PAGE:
At first sight the line, nearly invisible but sometimes catching a ray of sun through the clinging water droplets, ran parallel to the brown water’s surface, from the tip of the pole held by the fisherman standing in the shallows out to unknown depths. He wore a swimsuit, t-shirt, and a Texas Rangers cap. He kept his eyes out to sea, watching for a flash of fin or tail, searching the breakers for a sign of the fish he’d been courting for an hour or longer. Moving along the water’s edge with the berserk sallies of whatever was hooked on the other end, he passed people drinking summer shandy in plastic cups, people raking heaps of Sargassum seaweed that had ridden the Gulf Stream all the way from the mid-Atlantic, people tossing horseshoes—but they stopped what they were doing.
A great crowd gathered around the fisherman.
Some walked. Some skipped with excitement, pointing out to what they believed to be the first sign of the struggling fish. Some carried infants or toddlers in their arms or on their shoulders. Some drove golf carts, pickup trucks, or beach buggies, avoiding the stinking piles of seaweed, out of which flew swarms of gnats. Erected on the vehicles they drove were all sorts of flags. There was one with a white image of an M4 and the words come and take it; there was miller light; a Confederate flag; a Texas flag; a half-Confederate, half-Texas flag; a skull-and-crossbones; a skull-and-crossbones fronting the Confederate colors; a flag with the contour of a tipped-over hand shooting its middle finger.
Then the angle of the line changed. The fish thrashed in the waves. The crowd gasped audibly at the greatness of the thing. The fisherman, though, remained expressionless, intent on bringing in the fish and knowing that the line could be cut at any moment.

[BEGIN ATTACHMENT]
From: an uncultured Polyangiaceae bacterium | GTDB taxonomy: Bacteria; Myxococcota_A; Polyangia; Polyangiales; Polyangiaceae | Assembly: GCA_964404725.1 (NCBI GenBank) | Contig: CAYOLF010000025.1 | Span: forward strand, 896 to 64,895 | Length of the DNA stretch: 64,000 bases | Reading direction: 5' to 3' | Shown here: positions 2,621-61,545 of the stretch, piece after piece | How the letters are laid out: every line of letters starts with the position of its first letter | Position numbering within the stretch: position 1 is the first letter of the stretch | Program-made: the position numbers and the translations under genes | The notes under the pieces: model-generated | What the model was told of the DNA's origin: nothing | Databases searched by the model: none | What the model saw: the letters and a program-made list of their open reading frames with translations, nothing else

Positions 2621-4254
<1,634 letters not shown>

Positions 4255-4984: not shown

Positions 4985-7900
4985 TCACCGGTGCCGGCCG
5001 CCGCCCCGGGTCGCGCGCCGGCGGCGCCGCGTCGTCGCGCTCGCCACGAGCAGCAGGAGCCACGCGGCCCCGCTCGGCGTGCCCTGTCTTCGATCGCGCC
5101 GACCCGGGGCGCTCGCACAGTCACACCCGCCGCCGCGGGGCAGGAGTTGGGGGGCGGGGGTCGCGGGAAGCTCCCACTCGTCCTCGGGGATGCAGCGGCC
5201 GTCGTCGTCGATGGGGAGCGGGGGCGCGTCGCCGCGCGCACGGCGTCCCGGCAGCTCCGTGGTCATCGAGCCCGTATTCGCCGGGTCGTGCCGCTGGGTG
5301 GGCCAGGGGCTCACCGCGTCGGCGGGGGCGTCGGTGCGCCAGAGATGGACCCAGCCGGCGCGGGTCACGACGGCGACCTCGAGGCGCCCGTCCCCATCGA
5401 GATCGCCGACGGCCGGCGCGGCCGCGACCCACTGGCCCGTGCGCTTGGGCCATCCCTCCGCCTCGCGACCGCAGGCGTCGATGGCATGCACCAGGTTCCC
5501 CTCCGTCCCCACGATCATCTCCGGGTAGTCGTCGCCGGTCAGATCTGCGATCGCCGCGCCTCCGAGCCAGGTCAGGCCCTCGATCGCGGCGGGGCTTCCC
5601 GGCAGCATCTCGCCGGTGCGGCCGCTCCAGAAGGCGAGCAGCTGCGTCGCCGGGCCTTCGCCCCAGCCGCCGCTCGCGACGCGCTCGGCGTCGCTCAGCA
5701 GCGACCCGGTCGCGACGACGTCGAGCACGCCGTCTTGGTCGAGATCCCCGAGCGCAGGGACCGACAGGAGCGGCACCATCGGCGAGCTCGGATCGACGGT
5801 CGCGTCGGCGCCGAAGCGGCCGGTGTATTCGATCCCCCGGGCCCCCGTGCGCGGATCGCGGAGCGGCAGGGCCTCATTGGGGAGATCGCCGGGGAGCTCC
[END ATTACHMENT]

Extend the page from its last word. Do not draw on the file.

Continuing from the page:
Six years ago, Hurricane Ike erased this peninsula. What had once been a vacation hub for the middle class of Beaumont and, to a lesser degree, Houston, was suddenly a soggy graveyard of cow carcasses and the remnants of hundreds of beach houses; 90% of them were destroyed; the surge was 20 feet high. The storm reached my grandfather’s house, washed his RV from under the garage, tossed and tumbled and muddied it around, and then it landed perfectly on its wheels about a hundred and fifty yards away. Very few people attempted to remain on the peninsula to weather the storm, but those who did took refuge in the balcony of a cinder-block Baptist church, a position that might have felt more secure had there not been an eleven-year-old African lioness lounging about on the lower level. Her name was Shackle, and there is a photograph that shows her lying down beside the pulpit; the microphone is ready for the preacher, the ground is littered with shreds of tarp, and Shackle looks more or less serene.
As I watched the fisherman pull the fish from the sea to the sandy shore, and as I listened to the crowd cheer and applaud him, I waited for the man to revel in his glory, to raise his fist in victory and beat his chest with pride. I waited for the gloating. But he stooped low. The crowd circled him. They swallowed him up. And he invited them closer. Stepping aside, he encouraged them to touch the fish, to photograph it as their own, to pose beside it. As if he would cut it up into tiny morsels and feed the hungry mouths of children, as if he would gather grains of sand and bake them into loaves of bread, as if the fisherman forgot himself and slowly bled into the people.